LENDING is a business based on risk, but many banks today have only a rudimentary method, at best, for measuring risk in their loan portfolios.
With the nation's lenders still grappling with the accumulated credit woes of the 1980s, some bankers think its time for a change.
"We're in a risk business, and if we're going to stay in this business, we better understand how to manage that risk," said Keith Oldfield, executive vice president of Texas Commerce Bank in Houston.
To that end, Mr. Oldfield and other industry executives advocate the use of a numerical risk-rating scale for commercial loans, ranging from 1 to 10. The higher the score, the greater the risk of default.
For example, a 3 rating would be assigned to a loan deemed to have average credit risk, meaning that asset quality, liquidity, financial ratios, and the quality of management are all considered satisfactory. An 8 rating would apply to a loan for which normal repayment of principal and interest is in doubt.
While the nation's largest banks already have similar risk-rating systems in place, most smaller banks rate their loans according to the five categories used by the federal bank examiners.
Some banks don't even go that far.
Moreover, the regulatory rating categories apply mainly to loans that are substandard, or worse. A single "pass" category applies to all creditworthy loans.
The problem with this system is that it fails to distinguish between a high-quality loan and one that is barely aceptable.
Monitoring Credit Migration
Imagine if the bond-rating agencies used a single rating for credits ranging from triple-A to double B-minus, which is several notches below investment grade.
Since banks don't intentionally make substandard loans, it's important for lenders to understand how they get that way.
By subjecting new loans to a more comprehensive rating systems and reviewing those ratings regularly, banks can monitor the migration of credits down the rating scale.
In this way, banks can more easily spot a credit before it falls into the substandard category, and take corrective action.
Over time, the rating system should also enable banks to better assess the loss probabilities in their loan portfolios and allocate the appropriate reserves.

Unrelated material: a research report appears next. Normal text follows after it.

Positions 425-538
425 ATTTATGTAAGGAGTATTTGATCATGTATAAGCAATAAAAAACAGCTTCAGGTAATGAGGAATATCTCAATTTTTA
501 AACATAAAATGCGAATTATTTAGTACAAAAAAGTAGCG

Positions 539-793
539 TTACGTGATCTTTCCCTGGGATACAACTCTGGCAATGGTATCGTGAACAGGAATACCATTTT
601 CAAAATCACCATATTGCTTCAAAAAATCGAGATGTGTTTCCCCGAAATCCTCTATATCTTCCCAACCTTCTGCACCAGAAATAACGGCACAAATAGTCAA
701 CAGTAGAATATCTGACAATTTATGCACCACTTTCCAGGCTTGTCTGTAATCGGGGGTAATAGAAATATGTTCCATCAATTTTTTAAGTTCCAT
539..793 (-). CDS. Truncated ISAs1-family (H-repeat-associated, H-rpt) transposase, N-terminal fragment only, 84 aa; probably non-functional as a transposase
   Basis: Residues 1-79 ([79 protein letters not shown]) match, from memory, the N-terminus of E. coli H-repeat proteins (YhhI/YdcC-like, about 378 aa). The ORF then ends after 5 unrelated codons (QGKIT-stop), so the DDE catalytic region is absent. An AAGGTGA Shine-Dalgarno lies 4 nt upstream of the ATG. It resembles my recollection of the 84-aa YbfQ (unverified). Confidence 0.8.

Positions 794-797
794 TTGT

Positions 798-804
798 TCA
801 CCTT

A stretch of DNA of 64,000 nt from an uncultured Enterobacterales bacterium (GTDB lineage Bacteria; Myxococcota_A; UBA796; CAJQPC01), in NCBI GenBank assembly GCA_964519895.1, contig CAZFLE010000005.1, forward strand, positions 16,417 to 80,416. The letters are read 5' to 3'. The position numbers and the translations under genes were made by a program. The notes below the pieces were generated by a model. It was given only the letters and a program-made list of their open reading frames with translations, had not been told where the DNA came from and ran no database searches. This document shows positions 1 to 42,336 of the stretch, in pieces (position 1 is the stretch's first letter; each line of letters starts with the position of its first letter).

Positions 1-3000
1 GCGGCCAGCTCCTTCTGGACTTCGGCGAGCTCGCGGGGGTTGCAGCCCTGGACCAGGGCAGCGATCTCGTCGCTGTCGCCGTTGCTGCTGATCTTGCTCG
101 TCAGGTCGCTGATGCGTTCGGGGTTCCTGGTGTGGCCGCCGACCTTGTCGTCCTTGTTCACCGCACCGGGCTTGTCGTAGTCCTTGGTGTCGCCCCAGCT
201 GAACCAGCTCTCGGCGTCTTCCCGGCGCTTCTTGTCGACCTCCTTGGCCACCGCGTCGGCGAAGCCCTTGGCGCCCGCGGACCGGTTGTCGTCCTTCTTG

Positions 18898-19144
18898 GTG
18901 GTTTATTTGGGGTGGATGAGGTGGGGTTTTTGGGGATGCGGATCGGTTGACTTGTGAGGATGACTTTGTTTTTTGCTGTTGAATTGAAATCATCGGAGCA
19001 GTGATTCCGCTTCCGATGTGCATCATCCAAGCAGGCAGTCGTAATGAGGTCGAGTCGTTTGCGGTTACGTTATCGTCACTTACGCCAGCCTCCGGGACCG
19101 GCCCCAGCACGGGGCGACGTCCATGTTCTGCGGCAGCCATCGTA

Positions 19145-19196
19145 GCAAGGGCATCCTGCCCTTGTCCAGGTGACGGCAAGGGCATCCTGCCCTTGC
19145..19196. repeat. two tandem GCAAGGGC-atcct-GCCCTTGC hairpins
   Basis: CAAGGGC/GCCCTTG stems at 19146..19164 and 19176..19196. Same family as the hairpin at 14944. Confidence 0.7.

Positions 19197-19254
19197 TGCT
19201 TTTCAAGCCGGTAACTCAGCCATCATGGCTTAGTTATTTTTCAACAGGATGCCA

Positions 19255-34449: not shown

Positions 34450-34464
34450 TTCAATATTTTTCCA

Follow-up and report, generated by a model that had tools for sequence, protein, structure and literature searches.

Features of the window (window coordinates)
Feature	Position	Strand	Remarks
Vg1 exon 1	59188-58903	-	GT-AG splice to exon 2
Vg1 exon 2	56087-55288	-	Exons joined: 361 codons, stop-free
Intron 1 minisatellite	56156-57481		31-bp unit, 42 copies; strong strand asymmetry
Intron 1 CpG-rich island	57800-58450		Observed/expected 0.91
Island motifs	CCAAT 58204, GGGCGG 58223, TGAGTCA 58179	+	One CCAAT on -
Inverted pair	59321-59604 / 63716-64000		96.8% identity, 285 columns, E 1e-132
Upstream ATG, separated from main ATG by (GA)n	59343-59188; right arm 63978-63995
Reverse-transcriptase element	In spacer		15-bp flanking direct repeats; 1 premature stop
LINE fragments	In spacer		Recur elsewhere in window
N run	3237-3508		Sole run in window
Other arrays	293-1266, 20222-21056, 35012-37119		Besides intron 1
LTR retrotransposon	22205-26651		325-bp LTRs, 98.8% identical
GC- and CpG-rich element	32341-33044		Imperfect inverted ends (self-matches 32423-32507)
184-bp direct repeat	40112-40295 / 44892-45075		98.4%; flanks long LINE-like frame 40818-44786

That, at least, is the thinking of an industry task force formed late last year by Robert Morris Associates, a trade group for commercial lenders, to study the merits of risk-rating systems.
For banks lacking a comprehensive rating system of their own the task force will soon recommend the use of a 10-point rating system developed by Loan Pricing Corp., a data base company in New York.
The recommendation will be made at Robert Morris' annual fall conference, to be held later this month in San Francisco, said Thomas H. O'Brien Jr., chairman of the task force, and senior credit policy officer at First Fidelity Bancorp, Lawrenceville, N.J.
Gaining Alertness at the Outset
Mr. Oldfield at Texas Commerce, a task force member, said using such a rating system has several benefits.
At the loan approval stage, it focuses a bank's attention on the risk it is undertaking at the outset, he said.
"And from a portfolio perspective, it focuses the mind on what sort of portfolio we have, and what we are building, and what we need to do to change if we're operating in the wrong [rating] band," Mr. Oldfield added.
Not a Panacea
Still, he and others acknowledged that such a rating system is not a panacea.
"No system protects you from bad underwriting decisions," the Texas banker observed.
At the same time, many of the factors that determine a particular borrower's rating are based on subjective judgments, such as the perceived quality of management.
"It's an art, not a science," said William Pierce, chief risk policy officer at Chemical Banking Corp.
Call for a Common System
David Eyles, vice chairman at Shawmut National Corp. in Hartford, Conn., said he would like to see all banks use a common risk-rating system, in order to promote liquidity in the loan sales market.
Some doubt it would ever be possible to arrive at universal consistency in risk rating, and question whether it's even desirable.
At least one member of the Robert Morris Association task force questions whether a 10-point rating scale is appropriate for all banks.
T. Lincoln Morison Jr., chairman of First Ipswich Bancorp in Massachusetts, said his bank's current rating system essentially mirrors the regulatory categories.
With just $85 million in assets, Mr. Morison said a small community banking company like First Ipswich probably doesn't have enough variety in its commercial loan portfolio to justify a significantly more elaborate risk-rating system.